Another embodiment of the invention is disclosed in Figure 4 and comprises a suction cleaner having a body 15 provided with a nozzle I6 communicating with a vertical fan chamber V0 in which is an unshown fan for exhausting dirtladen air into a dust bag 19. The cleaner body is mounted on wheels 80 and is propelled over the surface to be cleaned by a handle BI supported in a bail 82 pivotally mounted at 83 to the cleaner body. A horizontally mounted motor is enclosed in a housing 84 disposed within and spaced from the rearwardly extending body portion 85 and extends rearwardly from the fan chamber 18.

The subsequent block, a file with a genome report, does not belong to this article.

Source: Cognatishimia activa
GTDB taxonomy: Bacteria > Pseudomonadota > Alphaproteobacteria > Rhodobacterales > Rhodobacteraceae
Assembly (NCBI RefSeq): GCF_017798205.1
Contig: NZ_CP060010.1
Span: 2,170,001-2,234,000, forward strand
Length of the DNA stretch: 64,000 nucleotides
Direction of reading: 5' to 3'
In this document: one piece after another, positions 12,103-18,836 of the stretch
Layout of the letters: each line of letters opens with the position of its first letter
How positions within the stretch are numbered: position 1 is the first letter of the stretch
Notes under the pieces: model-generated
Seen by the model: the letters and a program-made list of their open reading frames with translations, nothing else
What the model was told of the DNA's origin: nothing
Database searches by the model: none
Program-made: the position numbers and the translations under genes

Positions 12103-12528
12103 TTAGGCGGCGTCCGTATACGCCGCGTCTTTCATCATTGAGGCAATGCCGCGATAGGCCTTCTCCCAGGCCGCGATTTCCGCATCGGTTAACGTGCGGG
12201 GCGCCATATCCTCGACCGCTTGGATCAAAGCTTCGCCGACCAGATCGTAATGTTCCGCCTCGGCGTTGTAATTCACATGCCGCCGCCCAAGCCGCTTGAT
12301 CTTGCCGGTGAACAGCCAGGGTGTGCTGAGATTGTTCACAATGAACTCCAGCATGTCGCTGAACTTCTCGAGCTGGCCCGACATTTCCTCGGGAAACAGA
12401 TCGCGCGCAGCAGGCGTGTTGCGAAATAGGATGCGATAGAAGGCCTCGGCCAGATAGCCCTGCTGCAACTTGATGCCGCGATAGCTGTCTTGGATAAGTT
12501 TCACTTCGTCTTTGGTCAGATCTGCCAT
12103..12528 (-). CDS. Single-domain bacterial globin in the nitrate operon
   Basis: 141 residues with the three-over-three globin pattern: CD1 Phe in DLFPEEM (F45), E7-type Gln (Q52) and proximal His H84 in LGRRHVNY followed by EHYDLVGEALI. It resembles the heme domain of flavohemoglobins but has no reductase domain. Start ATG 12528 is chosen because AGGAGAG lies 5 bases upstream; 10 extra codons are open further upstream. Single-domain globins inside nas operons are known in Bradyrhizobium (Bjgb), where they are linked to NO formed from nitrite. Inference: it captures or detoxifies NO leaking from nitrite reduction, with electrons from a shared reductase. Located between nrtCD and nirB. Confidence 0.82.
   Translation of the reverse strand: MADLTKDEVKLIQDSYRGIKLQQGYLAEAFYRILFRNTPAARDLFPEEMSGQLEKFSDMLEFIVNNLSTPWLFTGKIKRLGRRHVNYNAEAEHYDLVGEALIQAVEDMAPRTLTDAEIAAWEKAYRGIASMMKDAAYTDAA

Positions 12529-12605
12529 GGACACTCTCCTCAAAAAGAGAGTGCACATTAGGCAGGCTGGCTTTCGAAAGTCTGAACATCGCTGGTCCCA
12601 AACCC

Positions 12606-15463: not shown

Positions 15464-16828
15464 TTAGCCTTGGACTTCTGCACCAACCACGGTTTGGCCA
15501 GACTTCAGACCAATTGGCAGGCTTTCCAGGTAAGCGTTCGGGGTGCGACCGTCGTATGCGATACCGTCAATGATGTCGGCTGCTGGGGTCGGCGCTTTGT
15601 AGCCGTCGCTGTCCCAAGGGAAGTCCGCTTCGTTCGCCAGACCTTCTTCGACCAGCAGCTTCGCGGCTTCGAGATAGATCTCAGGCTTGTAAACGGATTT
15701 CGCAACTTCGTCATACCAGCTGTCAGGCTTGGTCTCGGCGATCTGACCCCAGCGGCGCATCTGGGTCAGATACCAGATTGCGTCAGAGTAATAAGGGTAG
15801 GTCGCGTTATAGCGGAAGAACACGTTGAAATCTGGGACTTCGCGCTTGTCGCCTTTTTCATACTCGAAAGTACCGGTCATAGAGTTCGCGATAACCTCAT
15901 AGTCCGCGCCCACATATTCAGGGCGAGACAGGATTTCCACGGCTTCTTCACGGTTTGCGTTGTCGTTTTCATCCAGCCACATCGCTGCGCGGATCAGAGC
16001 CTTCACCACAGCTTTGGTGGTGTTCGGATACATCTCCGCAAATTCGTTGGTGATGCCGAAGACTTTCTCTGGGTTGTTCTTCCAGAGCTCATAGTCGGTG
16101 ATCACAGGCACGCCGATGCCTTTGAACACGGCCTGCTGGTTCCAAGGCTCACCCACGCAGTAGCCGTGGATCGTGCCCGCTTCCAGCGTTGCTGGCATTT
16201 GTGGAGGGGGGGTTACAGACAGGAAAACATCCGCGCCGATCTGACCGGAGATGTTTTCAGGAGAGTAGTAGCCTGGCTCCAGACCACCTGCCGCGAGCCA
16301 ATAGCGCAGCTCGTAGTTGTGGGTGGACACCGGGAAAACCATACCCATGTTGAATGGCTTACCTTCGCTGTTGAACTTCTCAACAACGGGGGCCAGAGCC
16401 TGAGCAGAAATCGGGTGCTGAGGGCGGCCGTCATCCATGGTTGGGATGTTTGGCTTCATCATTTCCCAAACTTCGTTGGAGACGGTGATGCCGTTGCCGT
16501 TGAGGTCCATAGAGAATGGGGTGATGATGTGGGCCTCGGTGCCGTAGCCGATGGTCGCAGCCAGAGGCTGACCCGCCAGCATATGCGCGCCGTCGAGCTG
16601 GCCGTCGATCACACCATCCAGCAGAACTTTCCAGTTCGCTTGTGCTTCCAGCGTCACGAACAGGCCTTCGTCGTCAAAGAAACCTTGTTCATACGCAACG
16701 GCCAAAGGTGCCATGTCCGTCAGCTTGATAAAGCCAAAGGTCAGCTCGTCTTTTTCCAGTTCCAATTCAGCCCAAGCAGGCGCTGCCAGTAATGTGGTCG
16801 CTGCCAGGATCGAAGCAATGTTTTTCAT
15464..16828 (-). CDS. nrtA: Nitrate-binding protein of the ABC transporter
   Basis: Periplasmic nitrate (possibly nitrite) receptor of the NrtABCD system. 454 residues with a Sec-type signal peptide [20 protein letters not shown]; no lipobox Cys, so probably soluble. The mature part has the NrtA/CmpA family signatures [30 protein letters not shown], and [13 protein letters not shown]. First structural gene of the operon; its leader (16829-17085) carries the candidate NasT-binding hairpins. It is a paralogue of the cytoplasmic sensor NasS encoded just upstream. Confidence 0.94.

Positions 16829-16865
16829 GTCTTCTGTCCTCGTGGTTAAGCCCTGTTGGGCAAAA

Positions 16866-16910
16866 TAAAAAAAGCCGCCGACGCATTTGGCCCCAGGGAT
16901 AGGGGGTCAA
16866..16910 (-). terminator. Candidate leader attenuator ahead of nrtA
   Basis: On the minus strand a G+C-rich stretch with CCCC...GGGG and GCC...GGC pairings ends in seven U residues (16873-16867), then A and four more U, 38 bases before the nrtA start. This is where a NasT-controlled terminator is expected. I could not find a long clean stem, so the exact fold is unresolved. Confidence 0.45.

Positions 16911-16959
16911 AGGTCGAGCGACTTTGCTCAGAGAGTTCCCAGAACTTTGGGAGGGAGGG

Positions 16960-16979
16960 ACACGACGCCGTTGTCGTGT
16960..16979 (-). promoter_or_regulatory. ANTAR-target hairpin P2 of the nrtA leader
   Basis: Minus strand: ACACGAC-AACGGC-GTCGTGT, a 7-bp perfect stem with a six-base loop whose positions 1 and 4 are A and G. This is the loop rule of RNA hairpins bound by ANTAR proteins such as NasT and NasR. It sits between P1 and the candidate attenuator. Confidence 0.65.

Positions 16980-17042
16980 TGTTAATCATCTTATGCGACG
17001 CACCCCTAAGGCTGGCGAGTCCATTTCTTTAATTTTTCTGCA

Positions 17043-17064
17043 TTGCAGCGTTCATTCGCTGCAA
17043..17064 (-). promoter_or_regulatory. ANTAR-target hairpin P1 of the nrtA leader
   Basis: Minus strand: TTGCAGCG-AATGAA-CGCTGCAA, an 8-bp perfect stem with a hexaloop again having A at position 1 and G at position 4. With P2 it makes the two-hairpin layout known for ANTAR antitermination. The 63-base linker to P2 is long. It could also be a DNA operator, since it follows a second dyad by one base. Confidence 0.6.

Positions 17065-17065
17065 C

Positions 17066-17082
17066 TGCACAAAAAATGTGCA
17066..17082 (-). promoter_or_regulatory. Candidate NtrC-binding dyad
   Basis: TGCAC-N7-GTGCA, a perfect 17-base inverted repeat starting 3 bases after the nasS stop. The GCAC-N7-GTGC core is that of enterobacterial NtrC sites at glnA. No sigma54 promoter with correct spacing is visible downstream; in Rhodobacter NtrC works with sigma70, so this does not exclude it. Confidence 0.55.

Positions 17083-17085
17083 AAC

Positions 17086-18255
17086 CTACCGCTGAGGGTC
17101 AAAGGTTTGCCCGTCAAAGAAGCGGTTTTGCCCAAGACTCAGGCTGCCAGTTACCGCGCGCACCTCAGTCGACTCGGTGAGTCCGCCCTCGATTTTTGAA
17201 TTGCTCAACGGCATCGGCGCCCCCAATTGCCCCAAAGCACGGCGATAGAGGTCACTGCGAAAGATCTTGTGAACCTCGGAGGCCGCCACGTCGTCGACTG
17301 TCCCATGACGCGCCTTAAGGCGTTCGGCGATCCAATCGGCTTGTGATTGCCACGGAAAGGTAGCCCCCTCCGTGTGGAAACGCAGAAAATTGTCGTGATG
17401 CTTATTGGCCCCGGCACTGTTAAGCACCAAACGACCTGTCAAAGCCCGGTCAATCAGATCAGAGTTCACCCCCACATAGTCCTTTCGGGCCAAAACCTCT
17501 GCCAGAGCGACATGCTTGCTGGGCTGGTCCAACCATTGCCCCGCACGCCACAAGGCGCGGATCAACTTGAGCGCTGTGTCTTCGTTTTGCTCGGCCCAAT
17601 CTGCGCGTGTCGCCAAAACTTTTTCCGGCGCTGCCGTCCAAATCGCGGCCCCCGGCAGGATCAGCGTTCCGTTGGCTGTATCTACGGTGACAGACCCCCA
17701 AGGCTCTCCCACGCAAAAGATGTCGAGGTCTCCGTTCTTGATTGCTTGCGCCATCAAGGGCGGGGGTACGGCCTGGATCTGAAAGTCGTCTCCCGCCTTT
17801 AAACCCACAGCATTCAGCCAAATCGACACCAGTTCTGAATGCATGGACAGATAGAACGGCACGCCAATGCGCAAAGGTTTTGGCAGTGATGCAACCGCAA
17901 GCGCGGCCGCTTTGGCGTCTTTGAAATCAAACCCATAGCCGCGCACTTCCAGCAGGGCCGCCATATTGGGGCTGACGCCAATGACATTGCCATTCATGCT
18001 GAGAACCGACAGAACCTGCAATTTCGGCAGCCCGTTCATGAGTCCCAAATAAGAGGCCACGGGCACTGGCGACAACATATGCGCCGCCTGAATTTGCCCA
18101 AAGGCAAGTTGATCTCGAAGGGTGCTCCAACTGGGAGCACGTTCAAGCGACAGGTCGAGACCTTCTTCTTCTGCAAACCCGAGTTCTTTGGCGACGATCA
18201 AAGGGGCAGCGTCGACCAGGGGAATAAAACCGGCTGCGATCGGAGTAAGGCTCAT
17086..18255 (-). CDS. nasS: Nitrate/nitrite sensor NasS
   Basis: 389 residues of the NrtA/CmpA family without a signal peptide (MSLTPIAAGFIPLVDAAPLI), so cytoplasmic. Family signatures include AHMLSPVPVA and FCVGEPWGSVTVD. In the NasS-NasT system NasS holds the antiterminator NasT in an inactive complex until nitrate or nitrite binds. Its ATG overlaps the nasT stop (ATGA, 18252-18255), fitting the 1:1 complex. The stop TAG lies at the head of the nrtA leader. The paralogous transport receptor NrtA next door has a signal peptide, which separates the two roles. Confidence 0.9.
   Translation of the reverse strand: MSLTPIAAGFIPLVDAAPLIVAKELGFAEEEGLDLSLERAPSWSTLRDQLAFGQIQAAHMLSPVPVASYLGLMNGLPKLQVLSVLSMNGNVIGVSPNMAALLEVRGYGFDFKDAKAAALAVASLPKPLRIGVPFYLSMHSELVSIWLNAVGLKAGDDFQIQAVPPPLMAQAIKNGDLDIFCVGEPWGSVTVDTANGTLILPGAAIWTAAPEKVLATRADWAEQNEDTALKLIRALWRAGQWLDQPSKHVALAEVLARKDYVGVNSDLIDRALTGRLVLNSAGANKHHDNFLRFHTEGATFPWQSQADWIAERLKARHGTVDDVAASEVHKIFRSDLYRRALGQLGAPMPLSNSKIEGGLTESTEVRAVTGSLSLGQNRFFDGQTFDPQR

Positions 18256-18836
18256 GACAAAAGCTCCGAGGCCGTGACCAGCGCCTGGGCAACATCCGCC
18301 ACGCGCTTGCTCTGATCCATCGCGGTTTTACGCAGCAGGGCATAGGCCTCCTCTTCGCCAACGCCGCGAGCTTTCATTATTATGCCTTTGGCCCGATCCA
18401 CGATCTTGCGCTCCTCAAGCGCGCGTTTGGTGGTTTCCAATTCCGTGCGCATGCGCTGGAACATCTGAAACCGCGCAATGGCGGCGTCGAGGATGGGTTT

The body portion 85 is formed in two removable sections 86 and 81, and the rear wall 88 of the latter is provided with a rearwardly extending conical section 89 having a cord opening 90 at its extreme end. The motor housing 84 is provided with a rearwardly extending conical section 9I spaced from the conical portion 89 of the body section 81 to form therewith an annular space 92 through which the cord ll travels. An annular partition 93 extends from the motor housing 84 to the inner periphery of the body section 81 and forms therewith and with the housing 84, an annular cord storage chamber 95.

The cord controlling means for feeding the cord 4! with respect to the cord storage chamber 94 is similar to that shown in Figure 3 and is mounted at the upper end of the handle 8|.